By Rob Liddle
BBC News website
What do family historians do when the trails for their own kin go cold? They join forces to uncover the life history of a randomly chosen individual from the past.
Pursuing one's ancestry used to be a labour-intensive affair - all packed lunches, trips to dusty records offices and unseemly fights over tomes with other frazzled researchers.
One would often return home empty-handed, no closer to solving the mystery of the missing cousins, where all the money went or why no-one ever talked about Uncle Bill.
Now, with a wealth of genealogical information available online and an explosion in the number of people eager to research their roots, family history can be a completely different experience.
You can access birth, marriage and death indexes and census details instantaneously and quickly link up with people who have other useful resources at their disposal or specialist knowledge.
And with these developments a new breed of genealogist has emerged - ready to root at will and for whom the process of recreating people's lives and times is an end in itself.
Members of the 16,000-strong Rootschat forum now take part in a monthly challenge, in which an individual with whom none of them has any known connection is randomly selected from the 1881 census.
Bill Oddie, taking part in a BBC genealogy programme
The job is to find out as much as possible about the mystery person within the next four weeks. It's pot luck - the person could have died a week later - but there's always something interesting to discover about them.
"I suppose it's almost like getting a bit of a hit," explains Sarah Mackay, who with partner Trystan Davies set up Rootschat, which attracts up to 140 new members every day.
"People doing their own family may get stuck for years, but it's very addictive and when you can't get any further yourself, you're still quite desperate for the same hit.
"Which is when they start casting further afield into someone else's family group.
Killed in war
"It's almost like it becomes your own family. What I can't get over is the amount of detail people will go into."
Randomly chosen Abraham Bland, of Sale, Cheshire, started off as simply a name in the 1881 census, but a month later he was the subject of hundreds of postings, some including photographs.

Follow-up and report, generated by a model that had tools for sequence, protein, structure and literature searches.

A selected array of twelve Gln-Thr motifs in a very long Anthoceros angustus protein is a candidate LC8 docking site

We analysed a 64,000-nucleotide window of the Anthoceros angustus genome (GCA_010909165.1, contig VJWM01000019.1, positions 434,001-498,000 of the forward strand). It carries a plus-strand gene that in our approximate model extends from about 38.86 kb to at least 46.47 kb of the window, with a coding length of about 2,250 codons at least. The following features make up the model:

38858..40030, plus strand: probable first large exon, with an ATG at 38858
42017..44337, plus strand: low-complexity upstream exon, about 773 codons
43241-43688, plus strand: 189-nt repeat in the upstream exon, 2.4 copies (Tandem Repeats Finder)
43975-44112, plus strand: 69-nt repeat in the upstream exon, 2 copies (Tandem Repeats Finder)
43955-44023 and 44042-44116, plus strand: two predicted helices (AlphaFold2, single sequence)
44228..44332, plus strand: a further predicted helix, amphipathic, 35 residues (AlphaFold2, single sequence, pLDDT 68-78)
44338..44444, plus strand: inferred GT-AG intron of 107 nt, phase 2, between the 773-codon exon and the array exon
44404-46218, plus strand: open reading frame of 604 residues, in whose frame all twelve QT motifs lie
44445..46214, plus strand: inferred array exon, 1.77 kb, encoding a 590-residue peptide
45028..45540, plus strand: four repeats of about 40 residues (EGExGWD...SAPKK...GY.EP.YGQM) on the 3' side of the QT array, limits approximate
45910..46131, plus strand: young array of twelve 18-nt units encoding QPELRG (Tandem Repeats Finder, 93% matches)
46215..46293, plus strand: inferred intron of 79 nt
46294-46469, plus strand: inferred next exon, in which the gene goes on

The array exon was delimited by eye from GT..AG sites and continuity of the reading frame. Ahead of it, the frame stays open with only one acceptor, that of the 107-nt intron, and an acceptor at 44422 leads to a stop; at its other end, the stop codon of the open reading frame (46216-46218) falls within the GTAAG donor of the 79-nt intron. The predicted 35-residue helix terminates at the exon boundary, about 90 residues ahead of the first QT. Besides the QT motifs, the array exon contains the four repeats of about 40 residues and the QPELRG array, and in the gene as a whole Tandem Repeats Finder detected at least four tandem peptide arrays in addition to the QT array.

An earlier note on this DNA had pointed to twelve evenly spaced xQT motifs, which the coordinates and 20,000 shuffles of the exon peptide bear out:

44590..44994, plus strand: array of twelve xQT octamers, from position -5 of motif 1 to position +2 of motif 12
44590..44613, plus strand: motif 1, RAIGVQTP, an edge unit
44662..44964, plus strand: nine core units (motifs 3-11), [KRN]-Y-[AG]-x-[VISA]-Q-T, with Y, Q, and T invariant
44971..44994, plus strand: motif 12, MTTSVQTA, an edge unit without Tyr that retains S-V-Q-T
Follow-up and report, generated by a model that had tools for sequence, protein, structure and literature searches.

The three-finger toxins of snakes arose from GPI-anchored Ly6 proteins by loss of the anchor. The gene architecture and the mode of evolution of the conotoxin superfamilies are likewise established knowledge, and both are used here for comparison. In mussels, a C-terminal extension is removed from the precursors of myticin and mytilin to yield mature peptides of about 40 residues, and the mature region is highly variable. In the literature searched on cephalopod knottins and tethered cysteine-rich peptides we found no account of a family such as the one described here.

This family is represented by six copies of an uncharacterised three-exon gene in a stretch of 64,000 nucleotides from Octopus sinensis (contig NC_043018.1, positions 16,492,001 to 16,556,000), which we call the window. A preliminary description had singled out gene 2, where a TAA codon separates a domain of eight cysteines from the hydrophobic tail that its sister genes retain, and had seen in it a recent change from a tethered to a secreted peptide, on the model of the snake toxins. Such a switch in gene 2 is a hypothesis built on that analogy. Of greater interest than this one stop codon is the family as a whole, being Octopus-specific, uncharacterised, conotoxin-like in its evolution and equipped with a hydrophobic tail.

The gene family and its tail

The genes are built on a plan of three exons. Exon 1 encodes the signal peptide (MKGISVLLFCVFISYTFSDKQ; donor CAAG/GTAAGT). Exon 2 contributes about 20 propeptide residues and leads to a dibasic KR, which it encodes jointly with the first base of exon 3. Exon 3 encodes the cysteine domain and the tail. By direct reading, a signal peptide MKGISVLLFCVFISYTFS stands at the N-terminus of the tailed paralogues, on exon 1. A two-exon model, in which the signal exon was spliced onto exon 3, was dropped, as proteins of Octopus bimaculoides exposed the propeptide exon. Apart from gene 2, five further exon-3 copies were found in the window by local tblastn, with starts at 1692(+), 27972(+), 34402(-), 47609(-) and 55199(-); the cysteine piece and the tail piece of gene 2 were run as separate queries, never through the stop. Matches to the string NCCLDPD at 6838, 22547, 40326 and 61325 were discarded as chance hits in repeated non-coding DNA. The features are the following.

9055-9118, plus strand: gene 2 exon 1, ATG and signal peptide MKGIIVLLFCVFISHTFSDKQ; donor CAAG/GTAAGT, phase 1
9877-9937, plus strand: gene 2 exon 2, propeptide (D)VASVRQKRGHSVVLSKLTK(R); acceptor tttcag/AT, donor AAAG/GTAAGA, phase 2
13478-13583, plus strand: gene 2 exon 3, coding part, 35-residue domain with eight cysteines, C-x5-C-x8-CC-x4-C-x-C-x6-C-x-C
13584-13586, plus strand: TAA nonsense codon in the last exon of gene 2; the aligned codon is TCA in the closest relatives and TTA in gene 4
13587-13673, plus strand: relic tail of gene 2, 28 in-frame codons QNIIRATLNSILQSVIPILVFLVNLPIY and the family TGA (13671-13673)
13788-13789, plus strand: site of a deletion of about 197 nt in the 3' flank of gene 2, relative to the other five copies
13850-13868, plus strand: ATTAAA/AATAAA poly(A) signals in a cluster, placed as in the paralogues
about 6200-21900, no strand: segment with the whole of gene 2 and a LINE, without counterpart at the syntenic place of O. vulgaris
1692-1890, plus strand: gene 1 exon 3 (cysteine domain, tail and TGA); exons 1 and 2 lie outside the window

Abraham "Len" Bland, born in 1874 and dies in 1917
The son of a landscape gardener and strict Sabbatarian - who wouldn't allow meals to be cooked on Sundays - the 5ft 7in-tall blue-eyed blond (chest measurement 34in), known as Len, emigrated to Canada in 1904, set up his own six-acre homestead and kept cattle.
He joined the armed forces in 1916 and went with the Canadian Expeditionary Forces to England, where he was based at Sandling Camp in Kent, and then to France, where he was killed in the battle of Vimy Ridge on 22 August 1917. He left no wife or children.
There is a serious side to the project, and the hope is that the randomly chosen person will fit into another researcher's family tree - something which has actually happened on each occasion so far.
Researcher Paul Etherington, who initiated the challenges, sees the site as a "truly altruistic experience".
"My own experience was that I was given advice and guidance by total strangers, and it only made me determined to want to offer the same to others.
"There's a definite pleasure to be had in helping others to find their way through to their ancestors. It must be the same kick that teachers get when a pupil suddenly gets a point they're trying to put across."
Fatty Atkinson, 1881
Peter Pan, 1891
Banana Pointer, 1891
Crusoe Robinson, 1871
Clara Slime, 1901
Nasty Clough, 1861
Ester Bunney, 1871
Sherwood Forest, 1901
Paul also came up with the idea of censuswhacking - searching for a first name, surname or occupation that appears only once in a given census (as transcribed) - which has proved a big hit on the site.
Where else would the lives of Ginnie Pig, Spud Murphey and Alfred Goold - 1901 occupation "living on condensed milk" - be recorded for posterity?